But there’s a line that we’ve had to learn to respect.
In the pro-eating disorder movement, there are two ways that the “promotion” can occur. The first is by advocating for restricting or purging as lifestyle choices and twisting the disordered thought and behavior patterns into active decisions being made by those suffering in order to feel more beautiful, healthy, or worthy.
The second is in spreading the message that eating disorders aren’t something that we need to hide, but rather, parts of ourselves that are equally worthy of respect as the rest of ourselves, thereby fighting against mental health stigma.
The first is what we might refer to as “glorifying” or “romanticizing.” The second, we’d just call “normalizing.”
But when it comes to “obesity” – which is not an illness (contrary to what the AMA might think!) or purported as a lifestyle choice, but rather, simply a state of being – what folks are calling “glorifying” can only be, in reality, normalization.
And if people of size want to take back the notion of glorifying obesity by saying “Fuck yeah, I am,” we’re all for that.
What we’re not for is concern trolls using the phrase to demean and discredit folks – and especially women – who, in a harshly patriarchal world, are accepting and owning (and even loving) their bodies, whether they fit into narrow beauty standards or not.
7. Because One-Size-Fits-All Definitions of ‘Health’ Are Ableist and Perpetuate Heathism
When people say that they’re worried about the health of others, we believe that they really do think that. After all, it makes sense, right?
If evolutionary psychology is your jam, then you probably subscribe to the belief that deep down, our survival instinct-driven mid-brain fuels the cultural universal of species propagation. And it’s hard to keep a species going if we’re dying all over the place from ill health!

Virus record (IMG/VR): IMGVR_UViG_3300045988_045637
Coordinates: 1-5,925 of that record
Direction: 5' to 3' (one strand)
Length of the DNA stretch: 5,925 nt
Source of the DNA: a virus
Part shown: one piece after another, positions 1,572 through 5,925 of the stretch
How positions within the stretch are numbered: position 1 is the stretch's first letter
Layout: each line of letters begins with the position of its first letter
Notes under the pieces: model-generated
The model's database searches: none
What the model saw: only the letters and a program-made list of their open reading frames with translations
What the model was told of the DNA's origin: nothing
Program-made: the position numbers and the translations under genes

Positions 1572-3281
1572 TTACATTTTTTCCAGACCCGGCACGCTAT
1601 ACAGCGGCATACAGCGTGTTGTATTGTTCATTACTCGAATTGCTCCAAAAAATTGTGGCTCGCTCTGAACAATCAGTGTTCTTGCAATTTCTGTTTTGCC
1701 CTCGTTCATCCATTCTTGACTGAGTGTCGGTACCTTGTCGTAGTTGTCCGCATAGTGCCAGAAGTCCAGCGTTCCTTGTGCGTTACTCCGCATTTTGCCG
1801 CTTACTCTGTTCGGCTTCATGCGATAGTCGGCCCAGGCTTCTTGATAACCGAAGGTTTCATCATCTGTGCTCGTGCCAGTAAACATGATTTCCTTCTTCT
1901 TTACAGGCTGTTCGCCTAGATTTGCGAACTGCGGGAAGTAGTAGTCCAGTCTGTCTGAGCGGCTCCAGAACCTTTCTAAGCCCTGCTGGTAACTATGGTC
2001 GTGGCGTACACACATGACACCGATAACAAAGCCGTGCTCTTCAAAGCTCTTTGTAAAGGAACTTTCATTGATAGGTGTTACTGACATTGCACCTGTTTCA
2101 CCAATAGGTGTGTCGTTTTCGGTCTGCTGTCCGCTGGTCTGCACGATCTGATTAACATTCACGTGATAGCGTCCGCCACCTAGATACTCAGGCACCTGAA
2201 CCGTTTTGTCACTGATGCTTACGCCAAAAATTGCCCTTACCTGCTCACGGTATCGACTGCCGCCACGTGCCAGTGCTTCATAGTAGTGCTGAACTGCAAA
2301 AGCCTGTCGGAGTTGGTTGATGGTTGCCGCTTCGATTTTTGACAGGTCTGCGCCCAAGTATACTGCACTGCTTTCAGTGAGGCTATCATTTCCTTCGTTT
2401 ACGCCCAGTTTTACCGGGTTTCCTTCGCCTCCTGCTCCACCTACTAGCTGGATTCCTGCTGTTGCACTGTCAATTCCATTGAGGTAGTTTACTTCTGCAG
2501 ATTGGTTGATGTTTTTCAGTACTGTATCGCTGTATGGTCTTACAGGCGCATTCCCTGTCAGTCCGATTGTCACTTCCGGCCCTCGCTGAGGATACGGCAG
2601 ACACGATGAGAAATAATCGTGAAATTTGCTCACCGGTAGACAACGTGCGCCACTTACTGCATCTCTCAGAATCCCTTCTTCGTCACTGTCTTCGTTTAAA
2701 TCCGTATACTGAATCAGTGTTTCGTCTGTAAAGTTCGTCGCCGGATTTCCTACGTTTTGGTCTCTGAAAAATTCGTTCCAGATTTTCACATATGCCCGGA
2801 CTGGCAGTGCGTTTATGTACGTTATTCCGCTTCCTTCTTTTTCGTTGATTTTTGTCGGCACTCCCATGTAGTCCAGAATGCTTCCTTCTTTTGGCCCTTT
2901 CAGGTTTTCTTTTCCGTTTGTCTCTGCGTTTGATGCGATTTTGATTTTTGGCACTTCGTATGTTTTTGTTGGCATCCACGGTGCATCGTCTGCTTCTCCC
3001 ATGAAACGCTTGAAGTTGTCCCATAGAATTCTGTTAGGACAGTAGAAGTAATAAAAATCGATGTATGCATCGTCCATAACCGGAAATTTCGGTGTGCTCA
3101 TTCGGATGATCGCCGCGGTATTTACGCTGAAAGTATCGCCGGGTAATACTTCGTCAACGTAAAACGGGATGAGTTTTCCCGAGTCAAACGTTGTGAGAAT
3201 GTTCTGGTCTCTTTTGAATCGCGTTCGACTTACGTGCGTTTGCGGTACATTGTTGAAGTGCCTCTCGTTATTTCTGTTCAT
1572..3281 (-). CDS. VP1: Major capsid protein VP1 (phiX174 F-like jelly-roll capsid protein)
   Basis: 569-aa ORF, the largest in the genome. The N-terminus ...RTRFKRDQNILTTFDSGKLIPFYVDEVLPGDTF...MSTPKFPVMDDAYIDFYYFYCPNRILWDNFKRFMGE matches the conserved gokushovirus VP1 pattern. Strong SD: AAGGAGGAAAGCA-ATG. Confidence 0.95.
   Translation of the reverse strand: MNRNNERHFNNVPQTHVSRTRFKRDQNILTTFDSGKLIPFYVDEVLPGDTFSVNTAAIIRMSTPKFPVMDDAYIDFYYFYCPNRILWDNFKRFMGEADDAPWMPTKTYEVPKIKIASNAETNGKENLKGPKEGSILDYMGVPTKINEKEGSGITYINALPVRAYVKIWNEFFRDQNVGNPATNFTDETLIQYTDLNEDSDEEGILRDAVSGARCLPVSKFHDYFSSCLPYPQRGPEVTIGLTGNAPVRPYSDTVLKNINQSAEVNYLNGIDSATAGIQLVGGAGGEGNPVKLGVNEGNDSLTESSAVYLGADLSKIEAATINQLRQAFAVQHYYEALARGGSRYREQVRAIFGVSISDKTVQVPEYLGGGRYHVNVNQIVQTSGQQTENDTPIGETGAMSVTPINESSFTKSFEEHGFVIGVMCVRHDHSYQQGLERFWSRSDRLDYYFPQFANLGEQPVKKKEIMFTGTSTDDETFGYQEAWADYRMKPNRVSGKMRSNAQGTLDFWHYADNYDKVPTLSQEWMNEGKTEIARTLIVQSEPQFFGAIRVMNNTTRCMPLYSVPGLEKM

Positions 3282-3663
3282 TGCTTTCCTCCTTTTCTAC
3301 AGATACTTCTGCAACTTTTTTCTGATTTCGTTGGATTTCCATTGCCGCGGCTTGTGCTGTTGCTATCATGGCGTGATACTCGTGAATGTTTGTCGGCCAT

And this foundation pushes the idea that of course we should care about one another’s health!
And okay. Sure. Let’s entertain that for a second (although, please let the record show that we are not of the evolutionary psychology camp – and don’t roll with feminists who are).
There are still a million questions that we have for you.
Like how the fuck do you define “health” in the first place? And who gets to decide what that is? And how is there any possible way to judge health based on a person’s size?
And is it even really appropriate to value health? Sure, again, from an evolutionary psychology lens, it makes sense. But evolutionary psychologists also believe in gender essentialism – and we threw that shit out because it’s sexist, cissexist, and transphobic!
And when we prioritize health as a quantifiable value that all people should strive toward, we’re being ableist. Because we’re implying that there’s a one-size-fits-all version of health and that anyone who falls outside of those parameters is unworthy of respect.
8. Because Weight Loss Doesn’t Actually Improve Health Anyway
Does eating well and engaging in exercise improve health? Sure. To an extent. But it hasn’t been proven that weight loss does.
For example: You could visit the great Google machine right now and probably pull up a million and a half studies showing that short-term weight-reduction interventions show short-term health improvements.
However, we have two problems with that. One is that they’re short-term studies, which don’t do much to show us anything substantial. Two is that in all of these cases, people are altering their behaviors in some way to achieve said weight loss. Those changes alone could account for improved health results, whether or not weight was lost.